A major outbreak of West Nile virus, so far, has skipped the Commonwealth. Texas, meanwhile, has been impacted significantly. Since August, the University of Kentucky College of Agriculture reports four cases of West Nile virus in horses and one confirmed case in a resident of Henry County. West Nile is spread by mosquitoes. So far, Martin Evans, who’s a professor of Infectious Diseases at UK, says Kentucky has been lucky.
“There are also cases in Mississippi, another area that might be on the wet side. Louisiana I mentioned. But, there are also cases in Oklahoma and in South Dakato which you wouldn’t think would be all that good setting for mosquito populations,” said Evans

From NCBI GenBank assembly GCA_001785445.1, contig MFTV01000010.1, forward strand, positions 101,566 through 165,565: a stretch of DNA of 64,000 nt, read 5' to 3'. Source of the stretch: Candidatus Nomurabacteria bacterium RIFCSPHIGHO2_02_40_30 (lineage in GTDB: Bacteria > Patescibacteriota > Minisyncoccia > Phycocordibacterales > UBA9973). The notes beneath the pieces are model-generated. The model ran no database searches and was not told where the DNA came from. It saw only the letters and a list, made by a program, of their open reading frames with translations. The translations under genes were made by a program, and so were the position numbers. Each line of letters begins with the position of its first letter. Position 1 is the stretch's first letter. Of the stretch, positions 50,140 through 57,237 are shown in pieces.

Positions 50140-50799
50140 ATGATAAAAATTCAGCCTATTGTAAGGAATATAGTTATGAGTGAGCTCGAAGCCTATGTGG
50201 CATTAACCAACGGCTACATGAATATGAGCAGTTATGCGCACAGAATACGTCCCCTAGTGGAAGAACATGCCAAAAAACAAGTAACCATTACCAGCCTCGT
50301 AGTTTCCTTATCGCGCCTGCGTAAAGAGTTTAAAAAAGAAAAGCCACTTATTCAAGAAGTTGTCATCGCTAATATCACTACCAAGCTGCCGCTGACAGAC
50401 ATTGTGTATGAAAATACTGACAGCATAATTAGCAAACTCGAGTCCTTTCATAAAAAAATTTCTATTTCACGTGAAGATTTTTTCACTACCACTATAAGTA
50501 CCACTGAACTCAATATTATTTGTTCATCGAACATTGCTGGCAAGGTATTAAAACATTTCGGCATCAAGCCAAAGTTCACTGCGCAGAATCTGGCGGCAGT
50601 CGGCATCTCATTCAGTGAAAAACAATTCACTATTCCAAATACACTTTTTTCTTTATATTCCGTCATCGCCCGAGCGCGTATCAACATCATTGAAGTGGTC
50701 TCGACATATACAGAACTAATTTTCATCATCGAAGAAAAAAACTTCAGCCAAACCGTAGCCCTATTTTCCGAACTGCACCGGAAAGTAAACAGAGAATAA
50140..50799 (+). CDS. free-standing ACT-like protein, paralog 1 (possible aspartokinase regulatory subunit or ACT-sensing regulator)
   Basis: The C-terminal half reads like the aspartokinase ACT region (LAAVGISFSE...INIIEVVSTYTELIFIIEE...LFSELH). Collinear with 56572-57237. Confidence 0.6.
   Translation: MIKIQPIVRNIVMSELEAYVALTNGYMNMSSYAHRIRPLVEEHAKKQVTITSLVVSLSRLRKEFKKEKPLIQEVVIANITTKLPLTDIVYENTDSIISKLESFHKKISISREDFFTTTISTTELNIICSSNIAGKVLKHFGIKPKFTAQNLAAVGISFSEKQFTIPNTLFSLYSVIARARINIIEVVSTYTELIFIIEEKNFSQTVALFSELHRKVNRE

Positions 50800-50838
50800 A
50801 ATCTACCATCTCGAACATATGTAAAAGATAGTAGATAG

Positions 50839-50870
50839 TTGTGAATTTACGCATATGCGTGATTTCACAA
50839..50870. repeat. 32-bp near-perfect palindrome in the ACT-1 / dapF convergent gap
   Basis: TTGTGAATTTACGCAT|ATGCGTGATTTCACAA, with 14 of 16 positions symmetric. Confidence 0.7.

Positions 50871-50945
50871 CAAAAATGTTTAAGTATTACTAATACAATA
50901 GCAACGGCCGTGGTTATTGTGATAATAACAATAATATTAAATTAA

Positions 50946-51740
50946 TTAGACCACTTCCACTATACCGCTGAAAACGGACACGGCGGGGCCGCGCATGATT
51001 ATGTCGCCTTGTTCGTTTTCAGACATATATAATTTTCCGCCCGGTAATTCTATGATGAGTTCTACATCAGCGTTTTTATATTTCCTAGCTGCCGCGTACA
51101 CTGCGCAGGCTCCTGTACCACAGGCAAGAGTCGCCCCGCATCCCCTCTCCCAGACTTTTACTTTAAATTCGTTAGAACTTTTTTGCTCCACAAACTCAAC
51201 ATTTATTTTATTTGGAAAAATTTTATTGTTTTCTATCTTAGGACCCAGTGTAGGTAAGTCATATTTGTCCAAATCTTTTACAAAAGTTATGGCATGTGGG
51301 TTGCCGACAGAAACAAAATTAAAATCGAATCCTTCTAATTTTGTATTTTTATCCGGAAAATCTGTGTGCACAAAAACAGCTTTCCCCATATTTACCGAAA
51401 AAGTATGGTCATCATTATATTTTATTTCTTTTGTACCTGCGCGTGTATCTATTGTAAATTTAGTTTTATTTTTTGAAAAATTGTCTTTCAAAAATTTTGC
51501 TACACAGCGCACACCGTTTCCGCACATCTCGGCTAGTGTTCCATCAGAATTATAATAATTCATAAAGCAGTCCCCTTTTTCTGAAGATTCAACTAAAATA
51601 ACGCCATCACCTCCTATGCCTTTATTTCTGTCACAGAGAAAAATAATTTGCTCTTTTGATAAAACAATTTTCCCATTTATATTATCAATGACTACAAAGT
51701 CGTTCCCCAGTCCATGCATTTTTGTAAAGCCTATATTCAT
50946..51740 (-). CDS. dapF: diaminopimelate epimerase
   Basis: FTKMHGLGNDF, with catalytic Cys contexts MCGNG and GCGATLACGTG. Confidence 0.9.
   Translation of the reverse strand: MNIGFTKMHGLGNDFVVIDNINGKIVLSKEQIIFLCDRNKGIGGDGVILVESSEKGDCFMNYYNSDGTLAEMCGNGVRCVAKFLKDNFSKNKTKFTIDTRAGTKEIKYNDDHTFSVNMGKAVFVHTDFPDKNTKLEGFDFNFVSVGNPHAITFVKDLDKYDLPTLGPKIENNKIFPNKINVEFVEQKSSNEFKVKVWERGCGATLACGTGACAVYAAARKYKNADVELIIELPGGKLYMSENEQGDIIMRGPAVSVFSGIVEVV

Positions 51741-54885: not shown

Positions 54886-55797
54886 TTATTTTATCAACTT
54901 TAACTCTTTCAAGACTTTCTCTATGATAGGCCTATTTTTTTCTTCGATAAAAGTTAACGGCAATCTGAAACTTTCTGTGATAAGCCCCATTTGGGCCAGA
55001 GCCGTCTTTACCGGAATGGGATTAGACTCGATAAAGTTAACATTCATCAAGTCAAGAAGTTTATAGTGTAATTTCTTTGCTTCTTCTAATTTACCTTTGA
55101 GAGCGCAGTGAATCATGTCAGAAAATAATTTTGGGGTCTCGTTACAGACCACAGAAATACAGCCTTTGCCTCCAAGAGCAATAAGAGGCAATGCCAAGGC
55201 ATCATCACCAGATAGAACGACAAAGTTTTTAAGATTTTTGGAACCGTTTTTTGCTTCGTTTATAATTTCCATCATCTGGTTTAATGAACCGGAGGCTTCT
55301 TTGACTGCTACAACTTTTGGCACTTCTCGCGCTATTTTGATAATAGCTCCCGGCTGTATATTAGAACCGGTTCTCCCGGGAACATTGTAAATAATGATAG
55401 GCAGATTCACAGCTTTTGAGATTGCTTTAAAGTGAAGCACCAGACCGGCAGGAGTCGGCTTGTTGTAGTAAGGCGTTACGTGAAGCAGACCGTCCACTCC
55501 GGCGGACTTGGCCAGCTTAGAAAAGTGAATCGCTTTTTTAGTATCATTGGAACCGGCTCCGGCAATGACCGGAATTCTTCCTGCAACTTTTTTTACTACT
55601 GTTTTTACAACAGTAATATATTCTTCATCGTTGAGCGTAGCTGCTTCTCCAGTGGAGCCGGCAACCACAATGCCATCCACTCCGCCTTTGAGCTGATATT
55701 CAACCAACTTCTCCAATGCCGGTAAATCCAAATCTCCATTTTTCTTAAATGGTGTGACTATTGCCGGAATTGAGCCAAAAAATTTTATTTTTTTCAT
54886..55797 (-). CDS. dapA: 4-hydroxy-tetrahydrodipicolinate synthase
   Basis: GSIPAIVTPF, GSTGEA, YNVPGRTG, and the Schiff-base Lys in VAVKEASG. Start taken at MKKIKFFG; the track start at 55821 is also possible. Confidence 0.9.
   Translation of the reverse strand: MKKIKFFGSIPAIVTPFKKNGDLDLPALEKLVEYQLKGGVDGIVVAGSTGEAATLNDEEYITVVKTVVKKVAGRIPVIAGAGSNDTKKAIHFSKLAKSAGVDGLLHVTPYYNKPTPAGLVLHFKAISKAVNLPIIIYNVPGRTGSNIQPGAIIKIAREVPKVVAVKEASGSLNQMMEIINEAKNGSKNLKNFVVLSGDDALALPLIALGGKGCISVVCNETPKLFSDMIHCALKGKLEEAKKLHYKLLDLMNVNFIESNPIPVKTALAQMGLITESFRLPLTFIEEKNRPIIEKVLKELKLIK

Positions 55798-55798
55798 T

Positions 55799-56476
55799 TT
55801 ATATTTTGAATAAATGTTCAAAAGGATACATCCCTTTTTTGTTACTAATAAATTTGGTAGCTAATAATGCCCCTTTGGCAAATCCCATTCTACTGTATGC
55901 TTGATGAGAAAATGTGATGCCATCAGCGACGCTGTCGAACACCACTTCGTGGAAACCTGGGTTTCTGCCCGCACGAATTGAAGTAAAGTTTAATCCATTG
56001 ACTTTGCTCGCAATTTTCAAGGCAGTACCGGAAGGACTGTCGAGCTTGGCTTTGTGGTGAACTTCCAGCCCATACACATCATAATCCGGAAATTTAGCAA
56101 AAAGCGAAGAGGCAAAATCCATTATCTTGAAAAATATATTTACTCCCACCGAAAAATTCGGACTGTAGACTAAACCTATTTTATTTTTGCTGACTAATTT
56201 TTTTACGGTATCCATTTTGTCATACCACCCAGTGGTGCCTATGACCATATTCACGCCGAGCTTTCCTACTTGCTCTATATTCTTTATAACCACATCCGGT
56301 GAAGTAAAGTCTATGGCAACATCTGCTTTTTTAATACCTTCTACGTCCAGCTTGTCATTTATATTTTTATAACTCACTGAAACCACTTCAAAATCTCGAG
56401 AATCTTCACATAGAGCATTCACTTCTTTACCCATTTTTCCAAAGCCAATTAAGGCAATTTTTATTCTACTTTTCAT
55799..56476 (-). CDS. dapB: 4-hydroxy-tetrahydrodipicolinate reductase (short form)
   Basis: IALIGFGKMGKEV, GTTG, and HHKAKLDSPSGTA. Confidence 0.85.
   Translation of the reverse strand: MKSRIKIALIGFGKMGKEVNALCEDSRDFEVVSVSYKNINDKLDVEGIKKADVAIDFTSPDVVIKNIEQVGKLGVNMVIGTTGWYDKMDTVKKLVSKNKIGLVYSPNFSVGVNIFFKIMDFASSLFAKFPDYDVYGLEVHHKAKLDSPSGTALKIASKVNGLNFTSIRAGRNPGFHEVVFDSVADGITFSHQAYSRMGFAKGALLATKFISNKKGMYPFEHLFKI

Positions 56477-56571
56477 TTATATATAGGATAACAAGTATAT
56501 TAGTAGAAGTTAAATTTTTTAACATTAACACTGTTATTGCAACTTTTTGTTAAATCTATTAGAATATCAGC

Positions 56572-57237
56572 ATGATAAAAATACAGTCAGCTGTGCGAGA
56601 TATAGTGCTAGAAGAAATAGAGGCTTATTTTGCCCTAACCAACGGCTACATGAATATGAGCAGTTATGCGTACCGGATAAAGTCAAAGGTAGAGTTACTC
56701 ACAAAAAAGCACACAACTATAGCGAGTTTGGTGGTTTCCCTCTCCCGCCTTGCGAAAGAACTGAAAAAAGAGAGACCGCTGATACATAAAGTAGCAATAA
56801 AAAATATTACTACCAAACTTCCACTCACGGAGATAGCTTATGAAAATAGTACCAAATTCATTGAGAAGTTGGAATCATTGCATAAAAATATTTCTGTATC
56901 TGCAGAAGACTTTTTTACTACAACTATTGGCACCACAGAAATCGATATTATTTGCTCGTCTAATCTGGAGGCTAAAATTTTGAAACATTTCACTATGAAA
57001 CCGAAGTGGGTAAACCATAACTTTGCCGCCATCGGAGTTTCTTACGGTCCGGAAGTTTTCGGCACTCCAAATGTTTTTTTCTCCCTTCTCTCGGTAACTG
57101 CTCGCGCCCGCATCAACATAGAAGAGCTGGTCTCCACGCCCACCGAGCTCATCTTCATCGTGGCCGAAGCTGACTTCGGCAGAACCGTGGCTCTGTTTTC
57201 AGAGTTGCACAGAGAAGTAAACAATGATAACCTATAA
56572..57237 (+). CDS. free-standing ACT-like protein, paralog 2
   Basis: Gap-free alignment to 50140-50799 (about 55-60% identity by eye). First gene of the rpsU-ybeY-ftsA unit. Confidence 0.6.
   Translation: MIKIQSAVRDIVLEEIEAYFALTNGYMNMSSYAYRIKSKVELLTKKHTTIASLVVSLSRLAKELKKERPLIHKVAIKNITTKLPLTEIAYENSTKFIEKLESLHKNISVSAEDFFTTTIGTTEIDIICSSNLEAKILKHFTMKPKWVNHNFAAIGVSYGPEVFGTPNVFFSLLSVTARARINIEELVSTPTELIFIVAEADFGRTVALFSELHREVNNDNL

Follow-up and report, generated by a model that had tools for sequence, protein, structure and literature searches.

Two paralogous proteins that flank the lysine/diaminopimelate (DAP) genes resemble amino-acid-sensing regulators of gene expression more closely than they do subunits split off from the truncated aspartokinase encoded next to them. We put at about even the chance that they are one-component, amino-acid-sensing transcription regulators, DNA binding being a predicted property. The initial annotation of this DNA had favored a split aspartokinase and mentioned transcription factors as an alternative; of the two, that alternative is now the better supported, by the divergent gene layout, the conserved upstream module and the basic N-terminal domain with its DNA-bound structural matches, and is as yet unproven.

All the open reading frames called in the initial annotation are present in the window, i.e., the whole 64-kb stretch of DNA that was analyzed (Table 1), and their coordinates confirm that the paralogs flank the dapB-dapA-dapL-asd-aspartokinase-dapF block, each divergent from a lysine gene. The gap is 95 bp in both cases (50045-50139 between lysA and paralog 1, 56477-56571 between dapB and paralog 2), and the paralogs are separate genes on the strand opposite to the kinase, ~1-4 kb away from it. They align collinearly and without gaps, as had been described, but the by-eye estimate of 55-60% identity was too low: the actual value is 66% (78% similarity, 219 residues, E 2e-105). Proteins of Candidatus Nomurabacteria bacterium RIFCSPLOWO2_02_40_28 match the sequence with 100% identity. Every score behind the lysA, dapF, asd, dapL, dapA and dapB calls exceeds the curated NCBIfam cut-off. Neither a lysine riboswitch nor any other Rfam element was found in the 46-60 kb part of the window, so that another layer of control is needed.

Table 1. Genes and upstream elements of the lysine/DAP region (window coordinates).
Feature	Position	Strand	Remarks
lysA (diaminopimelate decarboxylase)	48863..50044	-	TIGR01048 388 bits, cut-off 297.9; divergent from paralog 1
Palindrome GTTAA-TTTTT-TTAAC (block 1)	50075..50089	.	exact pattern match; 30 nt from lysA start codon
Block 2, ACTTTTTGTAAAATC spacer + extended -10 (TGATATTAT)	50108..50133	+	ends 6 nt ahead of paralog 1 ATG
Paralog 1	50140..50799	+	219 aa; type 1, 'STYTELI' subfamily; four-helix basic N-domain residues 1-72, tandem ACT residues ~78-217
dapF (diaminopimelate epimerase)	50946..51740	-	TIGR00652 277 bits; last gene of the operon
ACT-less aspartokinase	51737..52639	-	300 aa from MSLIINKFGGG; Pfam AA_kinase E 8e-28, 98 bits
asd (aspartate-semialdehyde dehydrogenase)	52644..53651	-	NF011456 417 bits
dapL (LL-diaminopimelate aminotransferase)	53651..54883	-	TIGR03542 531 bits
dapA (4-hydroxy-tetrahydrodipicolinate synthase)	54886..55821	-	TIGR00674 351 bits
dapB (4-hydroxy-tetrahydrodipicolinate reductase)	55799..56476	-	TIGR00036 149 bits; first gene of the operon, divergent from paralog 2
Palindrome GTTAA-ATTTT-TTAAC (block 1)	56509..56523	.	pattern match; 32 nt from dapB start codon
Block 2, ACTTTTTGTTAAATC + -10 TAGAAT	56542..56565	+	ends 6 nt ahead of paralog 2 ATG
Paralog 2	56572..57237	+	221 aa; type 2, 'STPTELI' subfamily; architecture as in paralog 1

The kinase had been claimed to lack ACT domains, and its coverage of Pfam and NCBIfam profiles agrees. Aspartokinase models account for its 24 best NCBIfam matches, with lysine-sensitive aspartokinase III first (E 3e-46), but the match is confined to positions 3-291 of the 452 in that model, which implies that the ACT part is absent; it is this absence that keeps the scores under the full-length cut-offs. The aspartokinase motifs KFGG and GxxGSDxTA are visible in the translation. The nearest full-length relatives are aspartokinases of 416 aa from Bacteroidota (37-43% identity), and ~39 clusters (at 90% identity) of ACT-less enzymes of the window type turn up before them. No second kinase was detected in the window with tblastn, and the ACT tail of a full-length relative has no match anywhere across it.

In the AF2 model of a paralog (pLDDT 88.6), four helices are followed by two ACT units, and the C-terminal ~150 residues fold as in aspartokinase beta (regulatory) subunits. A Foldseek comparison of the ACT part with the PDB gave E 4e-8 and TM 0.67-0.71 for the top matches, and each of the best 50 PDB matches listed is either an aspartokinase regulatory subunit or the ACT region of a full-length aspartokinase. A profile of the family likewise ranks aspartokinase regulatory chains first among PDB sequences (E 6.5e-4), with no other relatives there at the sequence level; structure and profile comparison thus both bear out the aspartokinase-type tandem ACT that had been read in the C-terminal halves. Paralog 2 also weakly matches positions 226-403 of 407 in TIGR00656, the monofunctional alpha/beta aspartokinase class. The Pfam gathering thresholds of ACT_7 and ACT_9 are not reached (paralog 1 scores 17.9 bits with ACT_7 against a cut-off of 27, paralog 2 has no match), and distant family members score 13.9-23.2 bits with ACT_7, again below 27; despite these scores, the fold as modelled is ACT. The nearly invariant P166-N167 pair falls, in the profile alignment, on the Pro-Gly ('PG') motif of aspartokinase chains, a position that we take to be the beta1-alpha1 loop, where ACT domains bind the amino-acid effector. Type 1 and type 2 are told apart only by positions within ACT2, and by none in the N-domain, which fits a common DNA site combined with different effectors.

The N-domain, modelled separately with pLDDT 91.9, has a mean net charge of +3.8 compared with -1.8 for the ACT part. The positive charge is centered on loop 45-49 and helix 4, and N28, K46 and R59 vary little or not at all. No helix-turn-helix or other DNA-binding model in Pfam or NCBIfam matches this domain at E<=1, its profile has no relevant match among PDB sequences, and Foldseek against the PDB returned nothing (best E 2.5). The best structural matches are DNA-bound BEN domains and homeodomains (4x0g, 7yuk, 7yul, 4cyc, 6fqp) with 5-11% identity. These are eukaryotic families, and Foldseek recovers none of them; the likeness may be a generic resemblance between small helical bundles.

Fayette County Health Department Environmentalist Luke Mathias says reports on mosquitoes are up. But, he’s not sure if the actual number of mosquitoes has increased significantly, or if concerns about West Nile have led to the spike in calls. Evans says most people bitten by an infected mosquito suffer no serious complications….
“80 percent of people who are bitten by mosquitoes don’t have any clinical illness at all, they’re infected but they don’t feel it. And then you have another 20 percent who have mild flu like illnesses and then maybe one out of 150 individuals who are infected actually develop the severe illness with what we call neuro invasive disease,” added Evans.
As for horses, the director of UK’s Diagnostic Lab says it’s a risky time of year for West Nile virus. Craig Carter adds vaccinations are imperfect, but can often prevent or at least mitigate the illness in horses.